Rudolf Vrba’s good fortune in having Wetzler as an escape partner was only matched by having Alan Bestic as a writing partner.
Whereas it’s often difficult to reference Vrba without bringing Wetzler into the equation, Bestic’s essential role in Vrba’s story remains astonishingly under-recognized. Vrba’s memoir is easily one of “best-written” (most readable, most penetrating and most engaging) Holocaust books you can ever find. It is steeped in humanity, rich in details, capturing some of Vrba’s humour while not shirking on the horrors of Auschwitz. Precious little content can be deemed extraneous.
The collaboration of these two men was a remarkable fluke of human chemistry. They obviously got along and shared a mission. And yet there is almost zero recognition for Bestic’s essential co-creativity. Possibly, that’s partly due to the fact that most commentators on the Holocaust now tend to be academic historians who are taught to write in an almost regimental style that is antithetical to lively writing. Few could ever become successful as journalists or novelists because they have been trained to pay more attention to footnotes than drama or compassion.
As centuries pass, how is the Holocaust going to be remembered? Which books are going to continue to be read and studied? It is very possible that Bestic and Vrba’s co-written memoir could reverberate through the ages if it is not over-shadowed by Jonathan Freedland’s piggy-backed version. Meanwhile, Bestic deserves to be credited and respected for his fundamental role in creating the first iteration of Vrba’s story.
We begin with this obituary from the Irish Times, originally published Saturday, Jun 14 2014.
Newsman and anatomist of 1960s Ireland
Alan Bestic: July 11th, 1921 – May 12th, 2014
Alan “Sammy” Bestic, who has died aged 92, knew from an early age that he wanted to be a journalist. His trade remained one of the loves of his life from the first day he entered the Irish Times building on the eve of the second World War to his death last month in Surrey.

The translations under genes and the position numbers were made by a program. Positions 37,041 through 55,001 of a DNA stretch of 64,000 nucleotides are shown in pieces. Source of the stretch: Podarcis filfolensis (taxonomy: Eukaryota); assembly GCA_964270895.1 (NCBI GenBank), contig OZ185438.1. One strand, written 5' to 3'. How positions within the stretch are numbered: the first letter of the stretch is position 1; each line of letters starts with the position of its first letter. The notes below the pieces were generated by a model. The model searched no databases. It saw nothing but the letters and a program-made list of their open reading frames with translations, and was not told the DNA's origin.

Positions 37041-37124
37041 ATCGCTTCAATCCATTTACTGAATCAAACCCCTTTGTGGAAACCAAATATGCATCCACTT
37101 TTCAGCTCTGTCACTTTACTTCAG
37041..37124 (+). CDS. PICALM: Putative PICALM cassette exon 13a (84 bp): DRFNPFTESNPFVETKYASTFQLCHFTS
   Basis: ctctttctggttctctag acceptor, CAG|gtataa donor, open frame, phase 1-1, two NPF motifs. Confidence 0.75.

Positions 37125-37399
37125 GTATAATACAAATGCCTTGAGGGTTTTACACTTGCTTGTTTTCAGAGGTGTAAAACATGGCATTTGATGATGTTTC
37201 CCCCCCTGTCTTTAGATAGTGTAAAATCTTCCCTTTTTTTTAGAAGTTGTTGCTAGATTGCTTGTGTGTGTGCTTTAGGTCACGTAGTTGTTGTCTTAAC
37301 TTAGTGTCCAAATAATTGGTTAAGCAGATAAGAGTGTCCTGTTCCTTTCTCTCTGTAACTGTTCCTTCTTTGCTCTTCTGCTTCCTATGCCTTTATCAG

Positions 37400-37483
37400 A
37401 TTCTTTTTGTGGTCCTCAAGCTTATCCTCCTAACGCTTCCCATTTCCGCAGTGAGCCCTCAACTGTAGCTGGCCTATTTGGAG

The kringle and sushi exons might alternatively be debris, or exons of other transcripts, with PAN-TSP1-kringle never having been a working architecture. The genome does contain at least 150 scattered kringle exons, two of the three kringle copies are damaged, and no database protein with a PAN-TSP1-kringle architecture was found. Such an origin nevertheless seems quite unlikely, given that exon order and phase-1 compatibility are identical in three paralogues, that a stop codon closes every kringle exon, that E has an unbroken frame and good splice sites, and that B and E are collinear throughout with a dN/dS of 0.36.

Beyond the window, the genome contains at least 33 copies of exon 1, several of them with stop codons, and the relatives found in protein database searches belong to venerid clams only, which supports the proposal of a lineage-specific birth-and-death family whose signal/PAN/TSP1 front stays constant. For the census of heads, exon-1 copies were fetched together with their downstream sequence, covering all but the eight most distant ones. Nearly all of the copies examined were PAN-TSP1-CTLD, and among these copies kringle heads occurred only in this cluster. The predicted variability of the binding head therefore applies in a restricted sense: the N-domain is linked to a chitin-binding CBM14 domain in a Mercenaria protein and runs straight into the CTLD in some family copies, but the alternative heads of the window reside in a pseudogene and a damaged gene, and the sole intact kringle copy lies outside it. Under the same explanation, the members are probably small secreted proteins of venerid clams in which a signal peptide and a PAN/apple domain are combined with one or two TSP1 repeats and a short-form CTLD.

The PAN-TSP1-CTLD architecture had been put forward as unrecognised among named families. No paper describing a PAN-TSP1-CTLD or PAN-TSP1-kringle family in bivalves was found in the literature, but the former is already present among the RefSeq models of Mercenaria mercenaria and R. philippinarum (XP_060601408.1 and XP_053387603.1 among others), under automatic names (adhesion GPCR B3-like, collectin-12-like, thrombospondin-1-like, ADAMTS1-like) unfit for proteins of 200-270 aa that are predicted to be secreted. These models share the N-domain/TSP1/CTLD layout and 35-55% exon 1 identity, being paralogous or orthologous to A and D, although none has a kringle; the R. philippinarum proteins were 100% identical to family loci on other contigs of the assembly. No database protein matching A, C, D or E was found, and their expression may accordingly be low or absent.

On the day he started work with The Irish Times he had been so nervous that he paced up and down for an hour before entering. The lessons he learned inside that ramshackle old building took him on a lifelong adventure that saw him travel the world. He wrote five books based on what he saw and heard.
His death breaks a link with a golden generation of writers and writing in The Irish Times. Among colleagues in the dusty old Westmoreland Street offices were humorous writers like Patrick Campbell and columnist Brian O’Nolan, more “serious” journalists like Cathal O’Shannon, Lionel Fleming and Jack White, and those who combined the two facets, like Sammy Bestic (named after a cartoon charter of the 1930s), Brian Inglis and Tony Gray. All eventually moved on to pastures new, much to the chagrin of idiosyncratic editor Bertie Smyllie. Lusitania sinking Few should have been surprised that Sammy outlived them all. His father – also Alan – survived the German torpedo which hit the liner Lusitania (he was third officer) off Kinsale in 1915, and the Luftwaffe sinking of the Irish Lights tender Isolda (he was captain) off Wexford in 1940.
Alan senior was a sailor of the old school, making one of the last sail journeys to Australia, where he signed off. The Denbigh Castle sank on the return journey. He contributed articles about marine matters to The Irish Times into old age.
Sammy Bestic’s love of writing came from Johnny Draper, his English teacher at Kingstown Grammar school, now part of Newpark Comprehensive in south Dublin, where the Bestic family lived. He studied shorthand and typing at night school, where he met his wife-to-be, Patricia Geraghty. They were married in the sacristy of her parish church, as Catholic girls could not be encouraged to marry Protestants.
Smyllie sent Sammy to Poland as the second World War ended. He was among the first wave to report from Soviet-occupied Poland and East Germany. Out of this came the remarkable co-written tale of Rudolf Vrba in I Cannot Forgive, about a young Slovakian Jewish boy who not only survived Auschwitz but escaped from it.